Comparing the Book and the Movie…

Now that I’ve finally seen The Magnificent Ambersons on its new (albeit no-frills) DVD release, I decided to go back to its source, the 1918 novel by Booth Tarkington, to compare the two. (Full confession: I’ve actually seen the movie more times than I can recall, so it was about time I read the source novel for one of my favorite films.)

Orson Welles directed the movie,  right after his epic “greatest movie ever made,” Citizen Kane. Now, while anyone who has a serious interest in movies has seen the latter, probably less have seen “Ambersons.” That’s too bad, because while the movie did suffer some horrible editing by its studio, RKO (documented in numerous books on Welles), it still is really wonderful. And part of that must be the fact that Welles honored so well the spirit of Tarkington’s Pulitzer-winning novel, helped in some degree, no doubt, by the Midwest pedigree of both author and director.

The book’s plot, simply put, is a riches-to-rags tale of a late-19th century “Midland” family whose most offensive characteristics are embodied in the character of George, only child of Isabel Amberson. George, you see, is a tad bit proud of his wealth, and his status, and likes to use the word “riffraff” around people he deems inferior. Everyone wants to see him get his “comeuppance” sooner rather than later.

George meets Lucy, whose father Eugene is an inventor of despicable (to George) “horseless carriages.”  As George begins to have feelings for Lucy, Eugene begins to remember his old love for Isabel, whose ailing husband Wilbur will soon depart the scene. But George will not stand to have his mother courted by anyone like Eugene (or maybe anyone else, for that matter). The tale plays itself out, and this resolution, though very much abbreviated in Welles’ film, stays very close to that of the book.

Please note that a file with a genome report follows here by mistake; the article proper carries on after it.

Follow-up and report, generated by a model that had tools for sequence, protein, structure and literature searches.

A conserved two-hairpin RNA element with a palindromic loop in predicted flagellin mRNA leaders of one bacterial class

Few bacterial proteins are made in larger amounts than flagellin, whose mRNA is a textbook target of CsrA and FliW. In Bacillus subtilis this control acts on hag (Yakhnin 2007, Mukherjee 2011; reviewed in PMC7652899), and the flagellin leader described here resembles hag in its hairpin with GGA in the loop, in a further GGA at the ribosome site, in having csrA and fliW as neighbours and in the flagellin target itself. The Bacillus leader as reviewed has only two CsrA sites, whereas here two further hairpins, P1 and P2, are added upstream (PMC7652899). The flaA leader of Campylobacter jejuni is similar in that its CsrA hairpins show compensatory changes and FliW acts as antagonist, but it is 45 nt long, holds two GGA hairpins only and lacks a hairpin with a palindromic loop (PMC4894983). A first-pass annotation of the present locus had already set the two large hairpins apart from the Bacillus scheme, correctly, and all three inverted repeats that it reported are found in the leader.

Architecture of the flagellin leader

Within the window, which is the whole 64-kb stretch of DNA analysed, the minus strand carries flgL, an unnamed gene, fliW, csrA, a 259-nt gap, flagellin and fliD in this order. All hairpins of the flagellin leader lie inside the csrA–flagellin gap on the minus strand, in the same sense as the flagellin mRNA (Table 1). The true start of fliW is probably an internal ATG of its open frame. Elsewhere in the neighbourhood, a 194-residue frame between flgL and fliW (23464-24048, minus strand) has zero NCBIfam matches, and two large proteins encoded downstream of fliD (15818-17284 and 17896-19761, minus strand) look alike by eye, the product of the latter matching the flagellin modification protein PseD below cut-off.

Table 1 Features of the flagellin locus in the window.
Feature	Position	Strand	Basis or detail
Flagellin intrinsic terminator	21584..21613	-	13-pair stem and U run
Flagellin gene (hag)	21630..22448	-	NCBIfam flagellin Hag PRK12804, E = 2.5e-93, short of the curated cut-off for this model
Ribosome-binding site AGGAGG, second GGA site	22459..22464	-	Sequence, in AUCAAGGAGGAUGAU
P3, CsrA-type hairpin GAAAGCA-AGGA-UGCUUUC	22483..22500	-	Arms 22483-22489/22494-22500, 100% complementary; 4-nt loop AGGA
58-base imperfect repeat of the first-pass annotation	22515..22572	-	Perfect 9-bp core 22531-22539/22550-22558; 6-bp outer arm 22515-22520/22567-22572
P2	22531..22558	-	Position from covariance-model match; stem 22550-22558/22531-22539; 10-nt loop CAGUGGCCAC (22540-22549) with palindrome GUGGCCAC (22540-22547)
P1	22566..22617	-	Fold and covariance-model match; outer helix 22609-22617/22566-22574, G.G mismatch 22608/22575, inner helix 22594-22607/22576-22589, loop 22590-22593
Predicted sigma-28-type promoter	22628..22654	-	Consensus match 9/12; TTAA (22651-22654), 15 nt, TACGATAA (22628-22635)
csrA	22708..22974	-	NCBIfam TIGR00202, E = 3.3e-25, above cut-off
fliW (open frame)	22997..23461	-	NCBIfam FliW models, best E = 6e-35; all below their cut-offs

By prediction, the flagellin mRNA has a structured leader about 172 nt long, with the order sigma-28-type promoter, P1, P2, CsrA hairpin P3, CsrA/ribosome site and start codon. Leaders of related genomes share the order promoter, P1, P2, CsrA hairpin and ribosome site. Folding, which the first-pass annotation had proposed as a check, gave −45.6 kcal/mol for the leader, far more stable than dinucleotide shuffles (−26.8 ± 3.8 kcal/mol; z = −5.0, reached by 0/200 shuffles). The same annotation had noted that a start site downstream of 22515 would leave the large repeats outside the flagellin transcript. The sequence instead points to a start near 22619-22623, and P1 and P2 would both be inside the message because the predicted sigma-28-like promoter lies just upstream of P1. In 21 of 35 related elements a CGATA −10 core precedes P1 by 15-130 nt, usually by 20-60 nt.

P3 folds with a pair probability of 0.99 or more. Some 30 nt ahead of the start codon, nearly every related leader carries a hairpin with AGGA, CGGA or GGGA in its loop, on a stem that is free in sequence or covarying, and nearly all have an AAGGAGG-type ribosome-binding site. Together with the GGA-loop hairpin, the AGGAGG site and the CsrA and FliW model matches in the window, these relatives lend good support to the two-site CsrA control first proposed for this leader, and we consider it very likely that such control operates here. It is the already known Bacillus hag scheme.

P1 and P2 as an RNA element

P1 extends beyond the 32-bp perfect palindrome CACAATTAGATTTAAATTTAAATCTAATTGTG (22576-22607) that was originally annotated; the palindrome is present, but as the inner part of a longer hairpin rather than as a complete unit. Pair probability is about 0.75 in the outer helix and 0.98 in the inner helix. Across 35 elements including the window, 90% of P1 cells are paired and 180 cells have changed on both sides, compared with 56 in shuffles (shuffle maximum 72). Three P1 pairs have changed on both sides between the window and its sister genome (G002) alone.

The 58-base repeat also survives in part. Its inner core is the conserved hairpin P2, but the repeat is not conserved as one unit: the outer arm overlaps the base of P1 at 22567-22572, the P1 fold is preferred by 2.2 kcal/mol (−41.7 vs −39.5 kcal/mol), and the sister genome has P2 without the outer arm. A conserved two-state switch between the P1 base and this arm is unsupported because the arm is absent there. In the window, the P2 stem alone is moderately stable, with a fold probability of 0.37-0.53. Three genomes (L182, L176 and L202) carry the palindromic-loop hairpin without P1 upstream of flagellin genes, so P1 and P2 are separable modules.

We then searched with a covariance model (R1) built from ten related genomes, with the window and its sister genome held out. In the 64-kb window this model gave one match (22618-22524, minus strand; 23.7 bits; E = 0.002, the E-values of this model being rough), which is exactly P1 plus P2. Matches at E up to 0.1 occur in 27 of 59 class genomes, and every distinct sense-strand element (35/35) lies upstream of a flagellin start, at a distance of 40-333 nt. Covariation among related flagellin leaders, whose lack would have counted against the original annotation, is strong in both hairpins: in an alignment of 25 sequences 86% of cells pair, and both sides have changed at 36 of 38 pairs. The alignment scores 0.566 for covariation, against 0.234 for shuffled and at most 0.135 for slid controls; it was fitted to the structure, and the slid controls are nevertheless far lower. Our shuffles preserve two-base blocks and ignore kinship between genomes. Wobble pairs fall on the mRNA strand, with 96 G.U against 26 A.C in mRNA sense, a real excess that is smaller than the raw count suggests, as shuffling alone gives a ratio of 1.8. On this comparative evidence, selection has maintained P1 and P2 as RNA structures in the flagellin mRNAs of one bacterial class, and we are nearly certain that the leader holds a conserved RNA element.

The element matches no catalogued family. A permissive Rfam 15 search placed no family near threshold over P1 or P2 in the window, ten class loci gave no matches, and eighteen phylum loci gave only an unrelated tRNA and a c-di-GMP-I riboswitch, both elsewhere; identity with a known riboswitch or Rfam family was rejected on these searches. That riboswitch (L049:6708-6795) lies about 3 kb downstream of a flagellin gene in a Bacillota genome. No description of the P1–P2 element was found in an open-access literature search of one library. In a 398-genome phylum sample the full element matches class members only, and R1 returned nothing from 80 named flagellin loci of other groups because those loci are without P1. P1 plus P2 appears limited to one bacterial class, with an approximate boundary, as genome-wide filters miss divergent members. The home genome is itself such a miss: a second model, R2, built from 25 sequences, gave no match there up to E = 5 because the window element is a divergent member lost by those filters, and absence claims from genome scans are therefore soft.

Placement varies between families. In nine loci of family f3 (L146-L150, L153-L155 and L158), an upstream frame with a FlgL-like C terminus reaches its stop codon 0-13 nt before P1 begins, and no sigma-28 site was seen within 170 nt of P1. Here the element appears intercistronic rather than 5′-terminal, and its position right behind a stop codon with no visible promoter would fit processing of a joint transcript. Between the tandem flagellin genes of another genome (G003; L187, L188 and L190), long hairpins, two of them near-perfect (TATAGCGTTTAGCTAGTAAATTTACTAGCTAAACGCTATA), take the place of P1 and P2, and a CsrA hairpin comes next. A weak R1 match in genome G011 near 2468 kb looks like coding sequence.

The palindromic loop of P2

One of the outstanding features of the movie is its cinematography, full of rich black shadows and deep focus, perhaps most famously shown in the ballroom sequence near the beginning of the film—a part of the movie that, tragically, should have been longer but was cut by the studio. Also, Welles uses voice-over narration to wonderful effect, capturing Tarkington’s text in his rich, immortal voice. My conclusion: read the book AND watch the movie, in whatever order you feel like!

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Written by David


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